All start-ups, in our experience, are wasting their equities. As start-ups raise money almost each year, they’re are spending the capital of previous investors to raise more capital. In addition, when these start-ups are spending their capital six months after the financing, they’re actually spending their equities in the form of cash at the complete wrong valuation as there were valued at the last round without considering the progress made in between.
So, as it usually turns out, you’re simply raising capital to raise more capital. It’s impossible to know how much progress your start-up will make in six months’ time. If you raise money every year for five years, you’ll have spent almost 50% maybe more of your time raising capital. And, even worse, most of the capital will be spent at the wrong valuation. It just does not make sense, so why do entrepreneurs do that?
Entrepreneurs should be focusing on their business, not spending all their time raising capital.
When raising capital becomes a full-time job, you have a problem on your hands. This goes back to the problem of stress, overwork, and depression that we discussed at the beginning of the article. When fundraising becomes an endless circle and you’re devoting more time to it than you’re devoting to your dream and goals, problems will inevitably arise—not only with your new business, but with your own personal health and mental well-being. To be successful, you need to find ways to become more efficient so you can spend time on what really matters to your business, staff and customers.
You don’t have to struggle silently. We can help.
Consilience Ventures is here to enable you to succeed. At Consilience Ventures, we help high-growth start-ups become global leaders by reducing the level of friction that comes with creating a tech start-up. We’re committed to entrepreneurs, and we know the difficulties you face. And, we found how to solve the inefficiencies and remove the obstacles that plague so many high-potential start-ups.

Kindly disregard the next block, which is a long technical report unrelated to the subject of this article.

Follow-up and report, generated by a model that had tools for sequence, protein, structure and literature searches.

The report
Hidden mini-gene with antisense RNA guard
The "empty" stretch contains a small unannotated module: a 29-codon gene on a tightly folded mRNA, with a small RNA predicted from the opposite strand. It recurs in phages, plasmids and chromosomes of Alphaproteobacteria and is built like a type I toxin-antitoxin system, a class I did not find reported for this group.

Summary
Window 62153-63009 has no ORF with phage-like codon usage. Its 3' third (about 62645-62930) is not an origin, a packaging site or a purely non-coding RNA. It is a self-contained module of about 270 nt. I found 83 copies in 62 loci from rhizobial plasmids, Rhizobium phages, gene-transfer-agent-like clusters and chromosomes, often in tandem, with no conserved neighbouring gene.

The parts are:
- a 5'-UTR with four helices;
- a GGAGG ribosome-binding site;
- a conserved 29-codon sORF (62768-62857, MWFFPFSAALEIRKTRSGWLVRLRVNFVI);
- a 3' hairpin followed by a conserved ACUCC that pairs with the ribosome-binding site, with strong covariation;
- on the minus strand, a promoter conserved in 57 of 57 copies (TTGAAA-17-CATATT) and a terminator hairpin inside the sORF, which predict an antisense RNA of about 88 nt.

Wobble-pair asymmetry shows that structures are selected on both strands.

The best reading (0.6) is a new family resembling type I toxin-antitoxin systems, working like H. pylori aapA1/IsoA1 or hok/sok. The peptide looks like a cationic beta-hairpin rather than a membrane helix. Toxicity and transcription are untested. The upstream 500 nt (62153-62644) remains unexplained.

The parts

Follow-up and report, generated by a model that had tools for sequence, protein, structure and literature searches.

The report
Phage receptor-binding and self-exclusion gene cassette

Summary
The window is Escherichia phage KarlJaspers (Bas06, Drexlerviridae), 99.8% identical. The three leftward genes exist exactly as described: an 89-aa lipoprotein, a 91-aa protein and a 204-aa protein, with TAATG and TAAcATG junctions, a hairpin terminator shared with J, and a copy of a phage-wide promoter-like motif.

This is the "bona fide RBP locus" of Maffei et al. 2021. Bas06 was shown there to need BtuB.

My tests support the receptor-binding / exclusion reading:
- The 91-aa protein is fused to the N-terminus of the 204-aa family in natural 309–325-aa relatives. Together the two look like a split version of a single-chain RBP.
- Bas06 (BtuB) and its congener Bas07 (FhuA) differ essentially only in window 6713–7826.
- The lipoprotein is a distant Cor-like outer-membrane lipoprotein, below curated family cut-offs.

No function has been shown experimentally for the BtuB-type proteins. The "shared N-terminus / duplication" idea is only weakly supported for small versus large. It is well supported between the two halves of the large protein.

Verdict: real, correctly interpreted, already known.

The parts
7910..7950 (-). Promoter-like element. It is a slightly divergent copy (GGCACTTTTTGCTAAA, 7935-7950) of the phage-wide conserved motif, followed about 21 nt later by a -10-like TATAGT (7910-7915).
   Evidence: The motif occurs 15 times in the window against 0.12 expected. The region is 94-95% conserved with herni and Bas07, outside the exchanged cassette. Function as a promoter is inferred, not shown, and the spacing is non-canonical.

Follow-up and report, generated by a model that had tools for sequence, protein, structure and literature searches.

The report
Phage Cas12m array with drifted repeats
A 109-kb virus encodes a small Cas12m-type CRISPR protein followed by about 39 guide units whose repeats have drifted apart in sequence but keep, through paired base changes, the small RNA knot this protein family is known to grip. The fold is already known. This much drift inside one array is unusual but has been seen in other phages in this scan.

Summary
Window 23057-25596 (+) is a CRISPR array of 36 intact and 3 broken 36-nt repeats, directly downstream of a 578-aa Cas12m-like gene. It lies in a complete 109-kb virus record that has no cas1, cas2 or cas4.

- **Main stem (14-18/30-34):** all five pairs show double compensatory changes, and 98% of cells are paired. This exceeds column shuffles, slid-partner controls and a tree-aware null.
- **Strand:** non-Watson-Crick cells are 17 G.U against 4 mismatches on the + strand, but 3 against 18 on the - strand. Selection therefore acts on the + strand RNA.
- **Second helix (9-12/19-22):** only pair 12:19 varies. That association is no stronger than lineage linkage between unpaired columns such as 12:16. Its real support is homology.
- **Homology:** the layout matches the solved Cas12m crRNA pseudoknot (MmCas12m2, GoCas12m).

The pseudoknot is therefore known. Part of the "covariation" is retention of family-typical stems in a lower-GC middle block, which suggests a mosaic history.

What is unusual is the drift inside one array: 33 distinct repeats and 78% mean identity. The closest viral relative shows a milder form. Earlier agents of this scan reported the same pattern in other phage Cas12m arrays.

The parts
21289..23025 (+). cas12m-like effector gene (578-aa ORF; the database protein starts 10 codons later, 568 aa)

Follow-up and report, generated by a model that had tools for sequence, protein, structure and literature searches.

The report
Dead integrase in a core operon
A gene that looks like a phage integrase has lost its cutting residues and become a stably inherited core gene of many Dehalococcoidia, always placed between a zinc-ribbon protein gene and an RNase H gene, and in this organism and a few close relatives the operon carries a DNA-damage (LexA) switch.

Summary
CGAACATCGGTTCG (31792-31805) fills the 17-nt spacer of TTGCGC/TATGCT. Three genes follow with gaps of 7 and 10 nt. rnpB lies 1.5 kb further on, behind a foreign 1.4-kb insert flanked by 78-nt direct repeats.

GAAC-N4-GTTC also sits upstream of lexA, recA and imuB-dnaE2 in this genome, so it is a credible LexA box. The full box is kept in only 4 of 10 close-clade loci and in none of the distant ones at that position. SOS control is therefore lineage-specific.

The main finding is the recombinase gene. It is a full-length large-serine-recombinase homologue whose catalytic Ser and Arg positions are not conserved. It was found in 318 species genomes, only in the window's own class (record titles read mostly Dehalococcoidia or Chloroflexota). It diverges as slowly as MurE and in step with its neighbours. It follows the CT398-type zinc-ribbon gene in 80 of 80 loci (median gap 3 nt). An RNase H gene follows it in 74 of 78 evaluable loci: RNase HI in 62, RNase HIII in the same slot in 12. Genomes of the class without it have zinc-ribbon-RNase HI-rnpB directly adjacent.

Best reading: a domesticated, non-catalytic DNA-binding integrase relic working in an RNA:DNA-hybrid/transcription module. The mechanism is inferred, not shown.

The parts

We take a unique approach to funding called “sprint financing” as opposed to “waterfall”, designed to support entrepreneurs and accelerate productivity. Our solutions provide fast-track financing and professional support, allowing you to take the next steps toward future growth.
Consilience Ventures works with seed and pre-series A technology start-up companies. We also work right alongside investors, corporations pursuing engagement and acquisition strategies, and business experts who can provide the services start-ups need to enhance their offering! Here’s what you need to know about us:
· Consilience Ventures does not take any transaction fees.
· You can pay as you go.
· We’re the only one on the capital table.
· We do not take any board seats (however, we want to be involved in the most strategic deliverables)
· We prefer to invest alongside traditional investors (VCs, business angels and family offices).
· We have the capacity to follow all the rounds on a data driven decision basis.
· With Consilience Ventures, you’ll be working with business experts and service providers with true skin in the game.
Do you think your start-up is a good fit for this network? Contact us today to discuss the Consilience Ventures community and to tell us about your business! If you’re interested in joining this network of start-ups, investors, and business experts, we are currently accepting applications and can submit referrals to get you to the next stage. We look forward to hearing from you!